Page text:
They Deserve a Raise

We Americans are the people of an idea and not of blood or tribe.

We have come from many places and believe many different things. For that reason, we rely less than other nations on the unspoken consensus born of custom and tradition. In their place we have a written Constitution whose principles are elaborated in a dynamic code of law. To foreigners, the legal system through which we interpret that Constitution and enforce those laws often appears baroque and contentious. Sometimes it is. But it also is an historic engine of equality and equity. Faith in our courts and their judges is an essential article in the American creed.

But while judges, particularly federal judges, stand high in the public’s esteem, they rank rather low on the legal profession’s payroll. That is why we support Chief Justice William H. Rehnquist’s recent call for Congress to vote the federal judiciary a 30% raise.

The chief justice made his request at a rare press conference, called after Congress defeated a measure that would have given a 50% pay increase to its members, top officials of the executive branch and federal judges.


Rehnquist, however, made a convincing case for letting a judicial pay increase stand or fall on its own merits. He called the situation urgent, and facts bear him out: Over the past 20 years, inflation has outpaced judicial pay raises by 223%. While federal judicial salaries now range from $89,500 for a district judge to $115,000 for the Chief Justice of the Supreme Court, private-sector legal salaries have skyrocketed. Major law firms in Los Angeles currently pay their partners more than half a million dollars a year, and at big city firms across the country, first year lawyers often earn more than $80,000.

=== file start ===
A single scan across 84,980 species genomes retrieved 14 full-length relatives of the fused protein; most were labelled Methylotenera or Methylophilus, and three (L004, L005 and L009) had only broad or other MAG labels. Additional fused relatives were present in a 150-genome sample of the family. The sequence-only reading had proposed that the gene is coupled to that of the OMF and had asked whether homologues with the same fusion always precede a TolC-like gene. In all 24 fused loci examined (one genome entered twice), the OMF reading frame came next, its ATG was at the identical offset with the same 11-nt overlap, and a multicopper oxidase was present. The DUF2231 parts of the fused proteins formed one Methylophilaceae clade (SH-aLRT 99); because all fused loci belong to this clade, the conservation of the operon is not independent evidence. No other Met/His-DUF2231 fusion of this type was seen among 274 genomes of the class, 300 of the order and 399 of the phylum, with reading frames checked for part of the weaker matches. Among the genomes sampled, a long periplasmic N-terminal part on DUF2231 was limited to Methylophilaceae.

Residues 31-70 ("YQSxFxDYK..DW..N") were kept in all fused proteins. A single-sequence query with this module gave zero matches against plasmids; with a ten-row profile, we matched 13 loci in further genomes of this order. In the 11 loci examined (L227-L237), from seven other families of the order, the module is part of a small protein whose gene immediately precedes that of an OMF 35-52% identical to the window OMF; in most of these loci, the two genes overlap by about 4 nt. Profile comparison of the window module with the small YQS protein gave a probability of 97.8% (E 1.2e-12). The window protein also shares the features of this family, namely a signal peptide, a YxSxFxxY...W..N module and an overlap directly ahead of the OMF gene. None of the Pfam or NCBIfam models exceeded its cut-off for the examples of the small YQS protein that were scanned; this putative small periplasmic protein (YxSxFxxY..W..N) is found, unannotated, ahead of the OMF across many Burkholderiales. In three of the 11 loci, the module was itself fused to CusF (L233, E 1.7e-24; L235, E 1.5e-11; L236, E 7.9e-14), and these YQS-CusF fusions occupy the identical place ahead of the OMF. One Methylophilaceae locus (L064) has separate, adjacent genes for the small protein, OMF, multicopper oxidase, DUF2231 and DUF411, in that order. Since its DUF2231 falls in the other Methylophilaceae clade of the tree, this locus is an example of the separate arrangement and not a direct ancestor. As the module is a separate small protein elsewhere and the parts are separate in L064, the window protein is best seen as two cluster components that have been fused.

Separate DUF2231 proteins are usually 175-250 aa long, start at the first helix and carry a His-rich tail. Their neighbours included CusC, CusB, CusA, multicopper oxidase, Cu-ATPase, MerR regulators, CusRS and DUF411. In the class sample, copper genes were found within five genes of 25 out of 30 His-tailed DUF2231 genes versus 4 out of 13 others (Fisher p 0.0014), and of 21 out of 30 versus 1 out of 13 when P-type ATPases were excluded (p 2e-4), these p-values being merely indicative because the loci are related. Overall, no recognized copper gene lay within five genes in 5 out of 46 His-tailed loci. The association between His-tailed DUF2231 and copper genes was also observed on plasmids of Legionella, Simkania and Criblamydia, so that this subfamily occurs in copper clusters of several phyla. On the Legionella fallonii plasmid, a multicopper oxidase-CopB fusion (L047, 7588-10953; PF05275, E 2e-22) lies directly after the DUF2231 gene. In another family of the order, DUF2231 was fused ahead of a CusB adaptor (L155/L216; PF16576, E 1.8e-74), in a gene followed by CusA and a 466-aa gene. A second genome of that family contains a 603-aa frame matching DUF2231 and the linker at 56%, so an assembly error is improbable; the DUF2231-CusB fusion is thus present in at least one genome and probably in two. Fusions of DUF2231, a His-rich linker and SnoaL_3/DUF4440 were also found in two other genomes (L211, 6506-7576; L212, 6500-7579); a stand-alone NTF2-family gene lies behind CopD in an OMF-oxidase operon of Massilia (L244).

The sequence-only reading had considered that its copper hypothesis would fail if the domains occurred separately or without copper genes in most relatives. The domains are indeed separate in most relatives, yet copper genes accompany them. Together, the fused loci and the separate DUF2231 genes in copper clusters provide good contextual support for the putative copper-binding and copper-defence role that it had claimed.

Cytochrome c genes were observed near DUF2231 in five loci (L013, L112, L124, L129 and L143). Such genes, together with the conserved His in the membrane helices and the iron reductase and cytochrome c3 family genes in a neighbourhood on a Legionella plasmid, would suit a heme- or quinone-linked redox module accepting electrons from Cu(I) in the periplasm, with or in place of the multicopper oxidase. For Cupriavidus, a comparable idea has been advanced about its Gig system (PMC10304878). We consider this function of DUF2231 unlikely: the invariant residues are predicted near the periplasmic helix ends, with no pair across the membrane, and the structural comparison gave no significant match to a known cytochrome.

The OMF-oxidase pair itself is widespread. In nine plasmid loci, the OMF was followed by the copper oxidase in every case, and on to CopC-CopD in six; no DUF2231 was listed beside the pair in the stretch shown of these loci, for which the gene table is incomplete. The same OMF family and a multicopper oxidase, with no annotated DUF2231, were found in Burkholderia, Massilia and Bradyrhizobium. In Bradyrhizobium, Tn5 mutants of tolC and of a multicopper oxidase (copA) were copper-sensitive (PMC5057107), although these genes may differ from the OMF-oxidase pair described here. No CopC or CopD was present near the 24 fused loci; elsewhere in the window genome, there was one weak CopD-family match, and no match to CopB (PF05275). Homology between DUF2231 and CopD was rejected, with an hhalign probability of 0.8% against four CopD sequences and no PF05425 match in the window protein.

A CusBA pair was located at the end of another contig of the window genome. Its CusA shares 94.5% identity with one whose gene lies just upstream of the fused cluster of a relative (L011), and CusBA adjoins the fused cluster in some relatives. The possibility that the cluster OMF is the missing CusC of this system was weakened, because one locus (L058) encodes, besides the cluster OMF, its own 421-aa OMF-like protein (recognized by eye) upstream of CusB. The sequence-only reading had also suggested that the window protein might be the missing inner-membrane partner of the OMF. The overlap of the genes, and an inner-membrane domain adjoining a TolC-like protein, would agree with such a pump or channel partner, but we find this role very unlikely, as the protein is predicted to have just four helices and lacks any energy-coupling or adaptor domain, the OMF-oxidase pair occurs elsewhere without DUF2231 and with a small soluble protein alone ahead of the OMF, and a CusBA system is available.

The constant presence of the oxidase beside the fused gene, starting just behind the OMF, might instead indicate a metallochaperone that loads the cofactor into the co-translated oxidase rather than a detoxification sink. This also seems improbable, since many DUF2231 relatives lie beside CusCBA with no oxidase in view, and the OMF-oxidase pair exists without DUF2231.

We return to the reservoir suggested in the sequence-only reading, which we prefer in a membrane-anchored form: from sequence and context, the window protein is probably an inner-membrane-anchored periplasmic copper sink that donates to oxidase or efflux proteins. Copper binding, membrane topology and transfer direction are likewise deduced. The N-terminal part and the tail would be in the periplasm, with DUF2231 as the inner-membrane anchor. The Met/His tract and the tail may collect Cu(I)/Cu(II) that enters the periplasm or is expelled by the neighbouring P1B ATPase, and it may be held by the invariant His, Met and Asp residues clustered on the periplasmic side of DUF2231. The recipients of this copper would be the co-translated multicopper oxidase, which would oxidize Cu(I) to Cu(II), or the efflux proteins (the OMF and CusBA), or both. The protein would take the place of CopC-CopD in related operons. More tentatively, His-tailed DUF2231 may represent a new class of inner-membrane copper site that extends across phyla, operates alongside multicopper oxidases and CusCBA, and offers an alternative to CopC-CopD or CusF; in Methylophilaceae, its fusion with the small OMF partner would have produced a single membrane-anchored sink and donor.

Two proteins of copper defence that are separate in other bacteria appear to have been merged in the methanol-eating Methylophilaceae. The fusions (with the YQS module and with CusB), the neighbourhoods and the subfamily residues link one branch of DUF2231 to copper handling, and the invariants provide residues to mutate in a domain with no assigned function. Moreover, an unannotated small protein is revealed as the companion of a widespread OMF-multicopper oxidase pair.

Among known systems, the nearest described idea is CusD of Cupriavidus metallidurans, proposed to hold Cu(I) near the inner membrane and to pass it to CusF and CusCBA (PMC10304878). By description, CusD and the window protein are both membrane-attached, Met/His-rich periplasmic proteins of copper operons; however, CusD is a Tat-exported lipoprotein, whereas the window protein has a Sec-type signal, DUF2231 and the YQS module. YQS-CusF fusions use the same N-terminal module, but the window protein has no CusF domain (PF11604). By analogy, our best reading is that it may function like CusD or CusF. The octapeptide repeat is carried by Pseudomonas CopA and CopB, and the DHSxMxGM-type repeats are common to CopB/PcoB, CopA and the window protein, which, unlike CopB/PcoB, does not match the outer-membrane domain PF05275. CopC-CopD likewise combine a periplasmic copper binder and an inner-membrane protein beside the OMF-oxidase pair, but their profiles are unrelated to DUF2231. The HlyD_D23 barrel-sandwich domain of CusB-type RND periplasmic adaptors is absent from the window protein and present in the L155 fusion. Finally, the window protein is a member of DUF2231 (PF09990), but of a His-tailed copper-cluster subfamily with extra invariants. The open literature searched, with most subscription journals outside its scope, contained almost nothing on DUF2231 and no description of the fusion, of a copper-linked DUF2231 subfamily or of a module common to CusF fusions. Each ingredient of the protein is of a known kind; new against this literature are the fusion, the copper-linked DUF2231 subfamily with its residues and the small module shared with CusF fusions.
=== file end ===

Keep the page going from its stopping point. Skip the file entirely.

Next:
Rehnquist argued that the growing gap between judges’ salaries and those of the lawyers who appear before them “poses the most serious threat to the future of the judiciary and its continued operations that I have observed during my lifetime.” He said that without a pay raise, federal judges, who are appointed for life, increasingly may use the bench as a step on the ladder toward lucrative private careers. The American Bar Assn. believes that a quarter of the country’s more than 1,000 federal judges may choose to step down for financial reasons.

This is a telling point, for, as the chief justice pointed out, the federal tradition of lifetime judicial service “gives you a different kind of judge, someone simply devoted to judging rather than looking out of the corner of his eye for the next political opportunity that comes along.”